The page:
Like most spaghetti westerns, FASTHAND appeared under a number of titles depending on where and how it was marketed. I went with the shorter versions, English and Spanish. It also showed in the U.S. as Fasthand is Still My Name and the original Italian was Mi Chiamavano Requiescat…ma avevano sbaglioto. A mouthful.
It’s a very violent film with several scenes of beating and torture. bloody(even more so than your standard spaghetti western).
Spaghetti vet William Berger plays Machedo, the leader of a band of ex-Confederates marauding the countryside. Alan Steel(real name Sergio Ciani) was well known for a series of Italian Hercules films and plays Captain Jeff Madison. At least early in the film.
He’s leading a troop looking for the outlaw band when they are ambushed. They turn the tide, but only Madison and his sergeant survive. Returning to the fort, the find the main band has taken the small base and they are grabbed. Machedo wants revenge for all his comrades that have been hung or killed outright, He claims the war isn’t over.
Madison is left on his knees tied between two posts, his gun hand shot up, two fingers gone, and
spat on by the band for much to long in film time. Then, expecting him to die, they ride off. The only thing he sees of the leader is under a badly tied mask, the boots with an unusual jangly pair of spurs.
The film gives us a montage of the gang hitting stages, homes, always killing and looting as they go. Voice over narration tells us two years pass as all this is happening.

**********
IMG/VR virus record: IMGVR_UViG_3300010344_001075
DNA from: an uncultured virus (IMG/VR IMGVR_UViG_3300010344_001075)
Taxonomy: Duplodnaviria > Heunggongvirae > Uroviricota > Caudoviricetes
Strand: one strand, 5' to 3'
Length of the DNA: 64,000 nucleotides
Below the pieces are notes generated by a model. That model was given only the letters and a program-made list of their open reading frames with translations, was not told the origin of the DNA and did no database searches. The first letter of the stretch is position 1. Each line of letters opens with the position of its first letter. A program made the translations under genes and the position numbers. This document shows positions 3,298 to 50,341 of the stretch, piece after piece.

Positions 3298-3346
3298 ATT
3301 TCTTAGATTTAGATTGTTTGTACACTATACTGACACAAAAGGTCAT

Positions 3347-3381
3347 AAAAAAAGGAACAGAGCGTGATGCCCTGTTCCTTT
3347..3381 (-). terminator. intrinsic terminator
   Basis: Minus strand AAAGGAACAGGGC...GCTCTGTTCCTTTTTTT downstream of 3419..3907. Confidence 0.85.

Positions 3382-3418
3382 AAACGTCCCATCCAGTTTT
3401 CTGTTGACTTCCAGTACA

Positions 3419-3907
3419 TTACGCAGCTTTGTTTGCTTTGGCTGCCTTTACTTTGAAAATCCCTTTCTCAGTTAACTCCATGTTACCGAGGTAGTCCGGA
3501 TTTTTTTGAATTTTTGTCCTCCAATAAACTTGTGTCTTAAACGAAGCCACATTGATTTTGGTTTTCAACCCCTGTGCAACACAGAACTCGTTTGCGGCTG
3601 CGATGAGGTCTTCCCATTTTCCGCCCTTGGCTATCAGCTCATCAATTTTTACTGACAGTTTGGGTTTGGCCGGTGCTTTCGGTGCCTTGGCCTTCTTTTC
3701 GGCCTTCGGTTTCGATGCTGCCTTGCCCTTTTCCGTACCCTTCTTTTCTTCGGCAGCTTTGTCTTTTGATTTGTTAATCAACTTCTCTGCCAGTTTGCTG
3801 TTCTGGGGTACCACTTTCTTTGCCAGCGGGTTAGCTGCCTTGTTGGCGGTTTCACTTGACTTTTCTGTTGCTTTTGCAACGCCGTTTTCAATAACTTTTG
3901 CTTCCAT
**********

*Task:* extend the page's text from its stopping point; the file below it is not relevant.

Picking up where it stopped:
William Berger dominates the first half of the film with love scenes, more torture, and a lot of overacting. never seen Berger so hammy.
There’s also a dark figure, dressed all in black we spot in a few scenes. We know who it has to be, but they think we’re in the dark. \\About the middle, the band hit a bank with Machedo pretending to be a courier with the Union Pacific payroll to get inside the bank. They have a hearse where they toss bags of gold coins, newly minted, to a pair waiting who drop them into a coffin.
It’s this wagon that Madison hijacks to use as a lure to draw the gang to a trap he’s set for them. He’s aided by one of those sidekick types. You know, a skinny little bearded older man, somewhat crochety and wearing the remnants of a Union uniform. He insists on calling Madison captain though neither are in the service any longer. The old man is also a gunsmith, building fantastic weapons that Madison uses for his crippled hand.
One thing I found amusing was the final showdown between Machedo and Madison, entertaining though it was. And that is the matter of the never-ending bullets in Machedo’s six gun. He had only the one gun and the only chance he had to reload was after he’d fired six shots initially. The rest of the time the camera was focused on him all but a second or two at a time and he eventually fired thirteen more shots.
I enjoyed this one despite the problems I had with it. But then I’m a sucker for this stuff.